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Small differences
There are some small technical differences between the SX-64 and the common C64. For instance, the SX doesn't have a port for a datasette because, so reasoned Commodore, it contained a floppy drive. That may be true, but it was a problem for users who had may programmes on tape.

Besides, the SX has a connection for a monitor, but not for a TV. There was also a difference in grounding, so that for instance the Commodore Vicmodem couldn't be used. Even worse: should not be used, so turned out, because it could damage the computer.




Welcome to the nostalgic history of home and game computers  

COMMODORE SX-64 - the first portable colour computer

It's one of the most sought-after items among collectors of vintage home and game computers: the Commodore SX-64. Yes, it's a phenomenon: the Commodore 64, the most popular home computer ever, in a portable shape, including built-in colour screen. And it is a rare item. Of the common Commodore 64 more then 20 million units were sold, but the SX-64 didn't pass the 9000.
Although at first sight it are two totally different computers, the SX-64 performed exactly the same as the C64. The metal case of the SX-64 contained with a few exceptions the same parts. Even all C64-cartridges could be used, by means of a gap in the top of the SX-64.

5 Inch colour screen
The vintage computer fan gets immediately excited when the front of the SX is lifted: the front turns out to be the keyboard. Then he is pleasantly surprised by the 5-inch colour screen at the left in the computer itself. A colour monitor, 5 inch, from 1983! At the right under a tiny cover there are five buttons, among others to adjust the brightness of the screen and the volume of the built-in speaker. In between is a built-in floppy drive, yes, a real Commodore 64. Above the drive there is storage compartment, apparently to store floppies, although that doesn't seem a good idea next to a monitor.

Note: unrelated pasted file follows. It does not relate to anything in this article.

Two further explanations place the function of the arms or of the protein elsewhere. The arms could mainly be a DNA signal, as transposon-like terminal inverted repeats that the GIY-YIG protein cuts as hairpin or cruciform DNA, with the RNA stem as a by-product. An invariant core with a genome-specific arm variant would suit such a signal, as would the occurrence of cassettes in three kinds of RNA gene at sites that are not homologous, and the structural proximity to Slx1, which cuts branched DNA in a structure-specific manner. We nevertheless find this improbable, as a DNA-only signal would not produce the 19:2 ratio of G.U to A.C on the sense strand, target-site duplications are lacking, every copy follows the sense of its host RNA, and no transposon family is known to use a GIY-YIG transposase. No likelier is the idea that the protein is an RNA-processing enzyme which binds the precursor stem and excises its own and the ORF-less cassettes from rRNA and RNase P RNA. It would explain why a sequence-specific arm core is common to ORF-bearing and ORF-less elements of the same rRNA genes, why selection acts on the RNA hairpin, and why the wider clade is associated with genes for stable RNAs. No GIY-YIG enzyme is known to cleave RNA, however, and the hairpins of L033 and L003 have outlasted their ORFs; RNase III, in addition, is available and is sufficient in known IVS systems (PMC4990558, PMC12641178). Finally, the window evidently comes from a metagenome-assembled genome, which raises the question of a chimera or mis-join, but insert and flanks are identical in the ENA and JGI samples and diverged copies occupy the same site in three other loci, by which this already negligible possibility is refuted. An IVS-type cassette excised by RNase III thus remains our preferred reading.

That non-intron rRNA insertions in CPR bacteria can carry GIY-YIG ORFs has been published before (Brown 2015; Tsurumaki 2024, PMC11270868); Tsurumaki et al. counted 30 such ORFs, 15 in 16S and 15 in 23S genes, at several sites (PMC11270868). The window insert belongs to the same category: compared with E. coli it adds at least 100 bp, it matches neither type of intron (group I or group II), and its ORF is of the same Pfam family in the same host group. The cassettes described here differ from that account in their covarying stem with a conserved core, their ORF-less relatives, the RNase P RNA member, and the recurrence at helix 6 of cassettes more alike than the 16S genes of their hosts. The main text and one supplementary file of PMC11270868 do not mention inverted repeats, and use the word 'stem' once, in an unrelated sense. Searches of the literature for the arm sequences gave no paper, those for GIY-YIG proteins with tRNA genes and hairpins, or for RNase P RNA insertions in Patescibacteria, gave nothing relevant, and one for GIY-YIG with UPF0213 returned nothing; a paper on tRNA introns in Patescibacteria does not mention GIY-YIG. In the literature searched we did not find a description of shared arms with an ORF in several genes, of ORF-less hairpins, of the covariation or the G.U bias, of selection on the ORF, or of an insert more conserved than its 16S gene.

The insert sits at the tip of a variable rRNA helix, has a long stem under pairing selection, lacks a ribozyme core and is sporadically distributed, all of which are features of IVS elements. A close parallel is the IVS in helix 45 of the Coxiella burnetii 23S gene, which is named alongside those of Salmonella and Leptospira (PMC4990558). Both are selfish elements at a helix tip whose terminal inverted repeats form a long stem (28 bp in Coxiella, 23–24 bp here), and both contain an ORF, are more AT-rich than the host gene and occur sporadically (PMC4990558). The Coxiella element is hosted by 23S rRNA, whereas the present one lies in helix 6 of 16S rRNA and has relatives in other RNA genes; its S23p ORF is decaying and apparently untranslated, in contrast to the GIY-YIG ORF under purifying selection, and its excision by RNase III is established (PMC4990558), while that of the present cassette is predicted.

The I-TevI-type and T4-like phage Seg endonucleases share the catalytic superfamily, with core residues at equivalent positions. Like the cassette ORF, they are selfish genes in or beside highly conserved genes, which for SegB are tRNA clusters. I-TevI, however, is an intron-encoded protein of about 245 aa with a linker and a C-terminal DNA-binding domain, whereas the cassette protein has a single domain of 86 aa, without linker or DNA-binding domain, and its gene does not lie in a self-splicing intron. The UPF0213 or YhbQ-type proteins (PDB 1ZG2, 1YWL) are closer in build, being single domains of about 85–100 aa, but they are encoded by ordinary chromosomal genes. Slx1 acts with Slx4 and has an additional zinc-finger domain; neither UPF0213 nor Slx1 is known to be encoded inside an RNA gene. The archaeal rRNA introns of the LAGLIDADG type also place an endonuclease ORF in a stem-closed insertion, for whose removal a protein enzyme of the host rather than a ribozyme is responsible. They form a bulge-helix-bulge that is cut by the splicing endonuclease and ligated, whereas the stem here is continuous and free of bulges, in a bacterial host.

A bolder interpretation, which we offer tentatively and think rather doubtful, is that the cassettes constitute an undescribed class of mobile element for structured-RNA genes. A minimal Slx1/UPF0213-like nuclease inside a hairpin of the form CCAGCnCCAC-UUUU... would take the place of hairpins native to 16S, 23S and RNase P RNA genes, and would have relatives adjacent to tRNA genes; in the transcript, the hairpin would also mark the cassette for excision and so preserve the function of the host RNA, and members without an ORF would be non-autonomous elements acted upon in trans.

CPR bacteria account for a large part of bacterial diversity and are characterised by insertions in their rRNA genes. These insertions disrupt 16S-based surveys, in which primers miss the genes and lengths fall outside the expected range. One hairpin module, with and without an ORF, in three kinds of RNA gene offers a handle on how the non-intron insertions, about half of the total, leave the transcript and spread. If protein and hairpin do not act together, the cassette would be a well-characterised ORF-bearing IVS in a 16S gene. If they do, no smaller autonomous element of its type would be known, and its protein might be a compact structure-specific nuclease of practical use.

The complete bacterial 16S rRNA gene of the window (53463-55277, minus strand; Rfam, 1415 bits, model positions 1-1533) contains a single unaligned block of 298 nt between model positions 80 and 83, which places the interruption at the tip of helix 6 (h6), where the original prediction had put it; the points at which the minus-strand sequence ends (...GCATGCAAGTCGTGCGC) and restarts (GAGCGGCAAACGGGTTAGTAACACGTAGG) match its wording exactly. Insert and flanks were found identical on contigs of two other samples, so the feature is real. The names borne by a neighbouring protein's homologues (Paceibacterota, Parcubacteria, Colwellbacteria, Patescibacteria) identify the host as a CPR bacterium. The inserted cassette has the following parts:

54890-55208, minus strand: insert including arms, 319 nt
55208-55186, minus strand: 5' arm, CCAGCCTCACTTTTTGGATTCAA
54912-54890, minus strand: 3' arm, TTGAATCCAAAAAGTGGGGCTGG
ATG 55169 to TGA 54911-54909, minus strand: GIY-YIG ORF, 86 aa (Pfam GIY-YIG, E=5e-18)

Not for game fanatics
On the front of this beautiful machine (that means at the other side of the keyboard) is written: 'Executive computer'. So not meant for the game fanatics: They were better served by the common Commodore 64 connected to a bigger monitor or a TV.
But even if the SX-64 was only used for administrative purposes the 5-inch screen causes trouble for the eyes. That is one of the reasons for the poor sales figures, although the SX-64 could be connected to a normal monitor. But who wants to buy a portable that he needs to connect to another screen?

And there are other things that can be said against the term 'portable'. As much as 4 pounds (10 kilo) weighs the SX-64. A German computer critic wrote in 1984 that the handy handle made carrying the SX the first kilometres a piece of cake. Was he a well trained athletic, this critic? Or do I have to train more...?
Further doubts on the term portable were cast by the fact that the SX-64 had to stand next to a socket, because it didn't contain a battery.
All this, combined with the price of approximately $1000, held the SX-64 far away from the successes the Commodore 64 achieved. The manufacturing, started in 1983, was discontinued in 1986. 

SX-100 and DX-64
De SX was for the first time presented at the Consumer Electronics Show in the United States in January 1983. At that moment still under another name, the SX-100, that contained a black-and-white screen instead of a colour screen. But the SX-100 was never manufactured and the idea was replaced by the SX-64. Besides the SX there also exists a DX-64: a model with two floppy drives (for which the storage compartment was sacrificed). But the DX-64 was manufactured in very small amounts, and is thus much, much rarer then the SX!


Specifications of the Commodore SX-64

Manufacturer Commodore
Period 1983 - 1986
CPU MOS 6510
Frequency 1 MHz
ROM 20 KB (8 for Basic V2.0, 8 for Kernal and 4 for character set)
RAM 64 KB (38KB available under Basic)
Text mode 40 x 24
Graphical mode Vic-II 6569 chip
resolutions 320x200 of 160x200
Colours 16
Sound 6581 Sid chip with 3 channels
built-in speaker
I/O user port, cartridge slot, 2 joystick ports, monitor, serial port
Price Approx. 1000 dollar (May 1983)
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History of Home and Game Computers, by Erik Klooster, the Netherlands

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